Irish Lesson 116

Graiméar

An aimsir ghnáthchaite (EYEM-sheer gnaw*-K*AH-tye), or past habitual tense, for tá

To express "I used to be, you used to be", etc., in Irish, these are the forms:

bhínn (veen), I used to be

bhíteá (VEE-taw*), you used to be

bhíodh sé (VEE-ohk* shay*), he used to be

bhíodh sé, she used to be

bhímis (VEE-mish), we used to be

bhíodh sibh, you-all used to be

bhídís (VEE-deesh), they used to be

bhítí (EE-tee), people used to be

Repeat this series several times, until you have thoroughly memorized it.

 

Now review the modh coinníolach for tá:

bheinn (ven), bheifeá (VE-faw*), bheadh sé, sí, (ve-YUHK*), bheimis (VE-mish), bheadh sibh, bheidís (VE-deesh), bheifí (VE-fee). Note that the forms somewhat resemble the ones for the aimsir ghnáthchaite.

At first, you will have to stop and think to avoid confusing the two tenses. Remember that the aimsir ghnáthchaite has a (vee) sound at the beginning of each form, but the conditional has a (ve) sound.

 

The negative forms for the past habitual (I didn't used to be, etc.) begin with: ní bhínn (nee veen). Say all eight forms aloud, putting (nee) before each declarative form already learned in this lesson.

For questions (did I used to be?, or; didn't I used to be?), the series begins with:

an mbínn? (un meen), did I used to be?; nach mbínn? (nahk* meen), didn't I used to be?

The last forms are:

An mbítí (un MEE-tee), did people used to be?; nach mbítí?, didn't people used to be?

 

Indirect speech with an aimsir ghnáthchaite

"Go" and "nach" are the connecting words, and must always be there.

Examples:

Deir Áine (AW*-ne) go mbíodh a hathair ag obair roimh (rev) a seacht a chlog; Áine says that her father used to be working before seven o'clock.

Dúirt an dochtúir nach mbídís chomh (hoh) láidir sin; the doctor said that they didn't used to be that strong.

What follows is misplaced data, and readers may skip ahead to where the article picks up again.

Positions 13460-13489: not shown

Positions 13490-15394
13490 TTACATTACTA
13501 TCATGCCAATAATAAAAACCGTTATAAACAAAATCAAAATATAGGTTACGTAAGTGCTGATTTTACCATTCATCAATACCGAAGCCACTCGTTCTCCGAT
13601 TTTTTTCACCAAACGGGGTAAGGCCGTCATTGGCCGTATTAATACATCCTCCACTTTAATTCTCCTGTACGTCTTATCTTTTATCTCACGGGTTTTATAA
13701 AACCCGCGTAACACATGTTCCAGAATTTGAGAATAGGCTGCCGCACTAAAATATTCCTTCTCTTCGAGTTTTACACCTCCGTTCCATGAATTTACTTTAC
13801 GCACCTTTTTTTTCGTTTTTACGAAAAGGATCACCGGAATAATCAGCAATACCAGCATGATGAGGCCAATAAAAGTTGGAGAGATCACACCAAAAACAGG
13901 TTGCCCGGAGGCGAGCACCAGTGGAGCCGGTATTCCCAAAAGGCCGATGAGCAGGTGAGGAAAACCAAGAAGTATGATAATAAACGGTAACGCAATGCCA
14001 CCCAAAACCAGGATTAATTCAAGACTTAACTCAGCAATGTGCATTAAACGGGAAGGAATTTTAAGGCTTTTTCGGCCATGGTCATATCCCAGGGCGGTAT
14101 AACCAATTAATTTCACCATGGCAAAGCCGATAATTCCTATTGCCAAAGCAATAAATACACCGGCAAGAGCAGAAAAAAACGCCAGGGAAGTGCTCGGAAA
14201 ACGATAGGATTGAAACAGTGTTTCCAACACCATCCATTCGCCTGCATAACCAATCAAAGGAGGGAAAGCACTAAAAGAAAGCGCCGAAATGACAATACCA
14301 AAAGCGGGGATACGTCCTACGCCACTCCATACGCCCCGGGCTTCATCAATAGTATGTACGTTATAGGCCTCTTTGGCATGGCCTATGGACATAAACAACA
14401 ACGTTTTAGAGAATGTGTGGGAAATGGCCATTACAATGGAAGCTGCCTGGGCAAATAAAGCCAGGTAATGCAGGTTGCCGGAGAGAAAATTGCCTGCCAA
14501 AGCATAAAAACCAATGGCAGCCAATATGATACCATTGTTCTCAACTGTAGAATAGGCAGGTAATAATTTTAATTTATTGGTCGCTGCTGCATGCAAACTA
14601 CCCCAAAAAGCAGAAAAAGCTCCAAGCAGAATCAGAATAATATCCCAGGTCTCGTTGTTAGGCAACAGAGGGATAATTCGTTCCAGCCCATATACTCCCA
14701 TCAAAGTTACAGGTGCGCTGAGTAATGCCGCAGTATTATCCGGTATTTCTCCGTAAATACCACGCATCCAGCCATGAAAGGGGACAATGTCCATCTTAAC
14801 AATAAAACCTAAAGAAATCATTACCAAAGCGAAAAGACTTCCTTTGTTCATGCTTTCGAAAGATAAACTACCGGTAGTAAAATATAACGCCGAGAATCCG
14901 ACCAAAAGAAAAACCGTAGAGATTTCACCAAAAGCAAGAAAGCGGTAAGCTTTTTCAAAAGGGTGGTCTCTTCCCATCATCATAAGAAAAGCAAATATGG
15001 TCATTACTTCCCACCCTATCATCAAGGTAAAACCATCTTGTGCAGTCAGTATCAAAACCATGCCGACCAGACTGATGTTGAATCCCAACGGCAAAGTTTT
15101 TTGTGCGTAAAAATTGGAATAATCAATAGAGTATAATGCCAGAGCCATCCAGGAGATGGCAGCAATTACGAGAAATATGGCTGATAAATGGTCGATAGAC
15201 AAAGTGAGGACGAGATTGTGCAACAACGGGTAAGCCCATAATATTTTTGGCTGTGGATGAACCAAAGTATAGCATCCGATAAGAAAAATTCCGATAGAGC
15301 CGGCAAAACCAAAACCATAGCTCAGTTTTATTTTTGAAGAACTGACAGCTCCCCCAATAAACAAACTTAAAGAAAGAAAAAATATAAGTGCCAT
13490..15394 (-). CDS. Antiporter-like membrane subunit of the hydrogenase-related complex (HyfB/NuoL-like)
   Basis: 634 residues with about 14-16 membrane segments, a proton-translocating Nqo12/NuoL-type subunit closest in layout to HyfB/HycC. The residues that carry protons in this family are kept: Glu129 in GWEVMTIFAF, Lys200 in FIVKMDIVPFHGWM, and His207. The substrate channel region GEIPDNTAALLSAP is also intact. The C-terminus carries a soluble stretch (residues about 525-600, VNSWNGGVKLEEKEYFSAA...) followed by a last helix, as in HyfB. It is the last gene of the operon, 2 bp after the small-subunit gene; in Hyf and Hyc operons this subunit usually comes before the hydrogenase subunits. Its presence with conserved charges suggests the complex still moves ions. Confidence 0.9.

With other verbs besides tá:

Déarfainn (DER-hin) go n-óladh na páistí uisce in áit bainne; I would say that the children used to drink water instead of milk.

Chualamar (K*OO-uh-luh-muhr) go gceannaítéa troscán sa siopa sin; we heard that you used to buy furniture in that store.

Síleann Séamas go ndúntaí na doirse (DIR-she) tar éis na ranganna; Séamas thinks that the doors used to be closed after the classes.

 

Comhrá

A return to the three associates of Lesson 112, who are one in their purpose of moving furniture into a dwelling.

Éamann: Cén t-urlár atá a teastáil (TAS-taw*-il) uait don tolg seo, a Phádraigín?

Pádraigín: Cuirigí sa seomra suite é, i lár an tseomra. Ba cheart dúinn an seantolg a chaitheamh (K*AH-huhv) amach gan mhoil, ach fanfaimid go ceann tamaill.

Mícheál: Cuir mata ar thaobh an toilg, sin nó scríobfaimid é ag gabháil (uh guh-VWAW*-il) tríd an doras.

Pádraigín: Déanta anois. Suas an staighre libh anois.

Éamann: Tarraing, a Mhícheál. Nílim in ann an meáchan (MYAW*K*-huhn) iomlán (UM-law*n) a thógáil.

Mícheál: Táim ag déanamh mo dhichill (YEE-hil). Brúigh ar an gcos dheiridh (YER-i), agus tarraingeoidh mé. Beimid tríd an doras gan stró.

Pádraigín: Ná tarraingigí trasna an urláir é! Tá mé direach tar éis céir (kay*r) a chuir air. Millfidh sibh an snas.

Éamann: Ná bí buartha, a Phádraigín. Táimid an-chúramach.

Mícheál: Cas ar chlé (hlay*) ar thaobh eile den chéad doras eile, a Éamainn. Ansin lig an tolg síos go curamach.

Éamann: Sin é é! Cad é an chéad rud eile anois? An leabhragán, b'fhéidir? Nó an cófra tarraiceán?

Pádraigín: Thug mé isteach liom an deasc agus sibhse ag déanamh síorchainte faoin mball troscáin beag sin.

Micheál: Ach níl ann ach cúpla maidí éadroma, cosúil le troscán go léir inniu.

 

Key:

Éamann: What floor do you want for this sofa, Pádraigín?

Pádraigín: Put it in the sitting room, in the middle of the room. We should throw out the old sofa right away, but we will wait a while.

Micheál: Put a mat on the side of the sofa, or else we will scratch it going through the door.

Pádraigín: It's done now. Up the stairs with you now.

Éamann: Pull, Micheál. I can't lift the entire weight.

Micheál: I'm doing my best. Push on the back leg, and I will pull. We'll be through the door without effort.

Pádraigín: Don't pull it across the floor! I have just waxed it. You'll ruin the polish.

Éamann: Don't worry, Pádraigín. We are very careful.

Micheál: Turn to the left on the other side of the next door, Éamann. Then let down the sofa carefully.

Éamann: That's it. What's the next thing now? The bookcase, maybe? Or the chest of drawers?

Pádraigín: I brought in the desk while you were talking on and on about that little piece of furniture.

Micheál: But that's only a couple of light sticks, like all the furniture today.

 

Notes: Irish often tends to use a verb and a noun instead of a verb alone. Examples are "cuir snas air" and "cuir céir air" for English "polish it" and "wax it". "céir, an chéir, na céarach, na céaracha", are the forms for "wax". "Céirnín" means a record, which was of wax many years ago.